In Part 1 of this series, I reviewed some of the various licenses and certifications that psychotherapists hold, as well as some of the similarities and differences between them; in Part 2, I will offer some ideas to consider when choosing a psychotherapist.
A world of information
We live in the information era. The World Wide Web offers us endless options to help us find what we need. In addition to being a resource for finding whatever it is we are looking for, the web also offers reviews and opportunities to post to social media pages and listservs to learn about the experiences other people have had with a product, service, or company. These resources are incredibly useful and many people have come to rely on them for making decisions from what kind of car to buy to where to eat dinner. So it may seem obvious that these same resources can help find a psychotherapist, right?
The answer to this question is yes, but with some important qualifications. Technology, of course, can be a fantastic resource. Websites can provide helpful information about a therapist’s approach to therapy, his or her training, the kinds of people she or he works with, and the various issues she or he specializes in. Even if you are given the name of a highly recommended therapist (more about this later), it can be very helpful to start by looking at his or her website.
Searching for a therapist
Search engines offer many ways to look for therapists in your city, neighborhood, or ZIP code. You can search by the topic you need help with, by the kind of therapist you are interested in working with, or by a particular approach you may be interested in, for example, “Spanish-speaking psychotherapist 94102 couples.”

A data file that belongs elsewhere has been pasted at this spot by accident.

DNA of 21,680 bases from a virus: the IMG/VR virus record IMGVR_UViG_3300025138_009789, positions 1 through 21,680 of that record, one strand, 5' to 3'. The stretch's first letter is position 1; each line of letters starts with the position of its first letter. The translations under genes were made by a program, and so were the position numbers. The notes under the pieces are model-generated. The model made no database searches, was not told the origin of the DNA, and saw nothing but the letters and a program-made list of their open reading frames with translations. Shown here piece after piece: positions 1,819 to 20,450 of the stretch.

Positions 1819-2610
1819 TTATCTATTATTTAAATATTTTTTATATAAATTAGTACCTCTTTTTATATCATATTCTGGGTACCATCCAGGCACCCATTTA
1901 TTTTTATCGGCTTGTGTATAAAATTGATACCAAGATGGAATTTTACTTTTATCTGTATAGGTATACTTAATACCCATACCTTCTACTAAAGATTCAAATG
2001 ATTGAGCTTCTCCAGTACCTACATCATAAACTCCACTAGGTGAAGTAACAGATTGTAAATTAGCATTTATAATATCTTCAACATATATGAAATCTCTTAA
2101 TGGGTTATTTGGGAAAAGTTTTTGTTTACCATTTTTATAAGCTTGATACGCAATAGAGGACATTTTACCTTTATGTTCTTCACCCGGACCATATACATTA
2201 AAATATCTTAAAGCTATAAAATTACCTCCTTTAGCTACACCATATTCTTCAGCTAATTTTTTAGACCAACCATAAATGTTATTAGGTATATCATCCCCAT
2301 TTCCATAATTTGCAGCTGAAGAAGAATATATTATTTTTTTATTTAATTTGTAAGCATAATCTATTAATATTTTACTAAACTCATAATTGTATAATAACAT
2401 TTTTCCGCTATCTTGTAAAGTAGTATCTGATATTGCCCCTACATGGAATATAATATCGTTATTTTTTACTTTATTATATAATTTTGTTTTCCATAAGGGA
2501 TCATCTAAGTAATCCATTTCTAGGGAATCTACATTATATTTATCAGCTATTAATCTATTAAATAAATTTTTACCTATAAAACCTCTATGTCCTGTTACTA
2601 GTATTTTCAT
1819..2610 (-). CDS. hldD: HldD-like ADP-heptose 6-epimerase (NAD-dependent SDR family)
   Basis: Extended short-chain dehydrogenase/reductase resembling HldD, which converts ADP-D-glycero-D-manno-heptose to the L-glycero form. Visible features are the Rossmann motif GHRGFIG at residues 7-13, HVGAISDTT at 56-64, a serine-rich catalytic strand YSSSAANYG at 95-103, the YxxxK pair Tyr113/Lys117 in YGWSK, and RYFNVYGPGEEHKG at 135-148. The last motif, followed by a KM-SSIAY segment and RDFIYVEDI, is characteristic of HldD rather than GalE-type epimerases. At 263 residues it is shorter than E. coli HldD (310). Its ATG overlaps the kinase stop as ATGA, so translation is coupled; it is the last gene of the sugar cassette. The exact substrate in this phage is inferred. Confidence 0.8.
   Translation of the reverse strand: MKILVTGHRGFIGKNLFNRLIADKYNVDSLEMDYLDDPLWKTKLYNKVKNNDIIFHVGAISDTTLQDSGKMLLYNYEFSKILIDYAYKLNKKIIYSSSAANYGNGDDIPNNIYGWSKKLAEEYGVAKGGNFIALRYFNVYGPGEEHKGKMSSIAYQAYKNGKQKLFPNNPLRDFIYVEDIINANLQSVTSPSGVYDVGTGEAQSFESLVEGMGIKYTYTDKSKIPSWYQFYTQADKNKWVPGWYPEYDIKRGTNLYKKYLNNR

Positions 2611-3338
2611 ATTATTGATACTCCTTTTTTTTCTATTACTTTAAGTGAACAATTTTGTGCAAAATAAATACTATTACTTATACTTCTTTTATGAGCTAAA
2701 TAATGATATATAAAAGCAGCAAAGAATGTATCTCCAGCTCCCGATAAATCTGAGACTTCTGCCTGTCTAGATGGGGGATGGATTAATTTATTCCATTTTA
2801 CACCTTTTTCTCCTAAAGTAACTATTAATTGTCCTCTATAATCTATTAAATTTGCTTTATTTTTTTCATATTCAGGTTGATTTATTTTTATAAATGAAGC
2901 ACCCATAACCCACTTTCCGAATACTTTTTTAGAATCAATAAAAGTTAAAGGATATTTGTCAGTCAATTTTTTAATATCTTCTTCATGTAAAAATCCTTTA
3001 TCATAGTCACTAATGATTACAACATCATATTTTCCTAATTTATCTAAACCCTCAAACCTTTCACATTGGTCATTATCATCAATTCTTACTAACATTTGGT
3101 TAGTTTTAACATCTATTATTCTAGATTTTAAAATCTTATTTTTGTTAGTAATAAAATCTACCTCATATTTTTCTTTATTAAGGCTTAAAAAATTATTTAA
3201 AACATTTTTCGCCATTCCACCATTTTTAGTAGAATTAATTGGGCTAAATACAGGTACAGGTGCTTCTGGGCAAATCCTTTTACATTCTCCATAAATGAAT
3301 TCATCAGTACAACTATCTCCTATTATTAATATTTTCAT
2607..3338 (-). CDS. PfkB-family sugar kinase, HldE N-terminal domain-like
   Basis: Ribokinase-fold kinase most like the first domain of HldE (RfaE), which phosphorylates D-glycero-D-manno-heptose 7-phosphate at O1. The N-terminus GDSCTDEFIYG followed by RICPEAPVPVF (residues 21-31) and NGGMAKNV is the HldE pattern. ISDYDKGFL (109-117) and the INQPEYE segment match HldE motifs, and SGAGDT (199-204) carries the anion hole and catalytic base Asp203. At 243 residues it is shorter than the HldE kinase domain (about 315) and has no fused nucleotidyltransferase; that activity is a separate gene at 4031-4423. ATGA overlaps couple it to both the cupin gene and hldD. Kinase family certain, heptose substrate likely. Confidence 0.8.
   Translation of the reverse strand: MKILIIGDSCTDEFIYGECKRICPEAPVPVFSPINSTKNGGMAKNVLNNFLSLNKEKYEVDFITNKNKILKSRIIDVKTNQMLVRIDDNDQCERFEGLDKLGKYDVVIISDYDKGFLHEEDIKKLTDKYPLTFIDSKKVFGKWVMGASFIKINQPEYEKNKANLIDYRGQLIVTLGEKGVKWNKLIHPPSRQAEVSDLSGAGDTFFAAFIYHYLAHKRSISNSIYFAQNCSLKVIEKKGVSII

In addition to a direct search using a search engine, you might go to one of the many online therapist databases such as Psychology Today or Good Therapy. These databases can contain hundreds to thousands of therapists who have put together one-page sites highlighting their work. Typically, these pages include a photo, a short description of the person’s approach, and bulleted lists detailing areas of interest and expertise. The databases have their own search engines that allow you to focus your search by location, gender, and areas of specialization.
One consideration in using technology to find a therapist is that many excellent therapists do not (yet!) have websites. If you have been referred to a therapist who does not have a website and you are interested in learning more about his or her approach, you will need to call. Most therapists are happy to speak with you on the phone for a short period of time and answer some of your questions before meeting in person. Regardless of how you found the therapist, take advantage of this opportunity to learn more about whether the person might be a good fit for you.
The pros and cons of using insurance
If your insurance covers psychotherapy services, the insurance company may be able to provide you with referrals. While insurance can be very helpful when seeking services, you should also consider some of the downsides of using insurance, such as limitations to the number of sessions covered by insurance, the need for the therapist to provide a diagnosis that will become a part of your medical file, the possible loss of confidentiality when information about the work you are doing in therapy gets passed along to the insurance company, and the possibility that only “medically necessary” diagnoses will qualify for treatment. Also, while there are many excellent therapists who accept insurance, the screening process done by the insurance companies typically looks at things that may or may not be important to you and your situation, for example, years of experience, languages spoken, or expertise in a particular technique. Some insurance companies will only authorize short-term therapeutic techniques, so you will want to clarify what your plan covers. Once you have obtained a list of therapists who accept your insurance, it is still wise to interview the therapist to make sure that his or her approach is one that makes sense for you and your situation.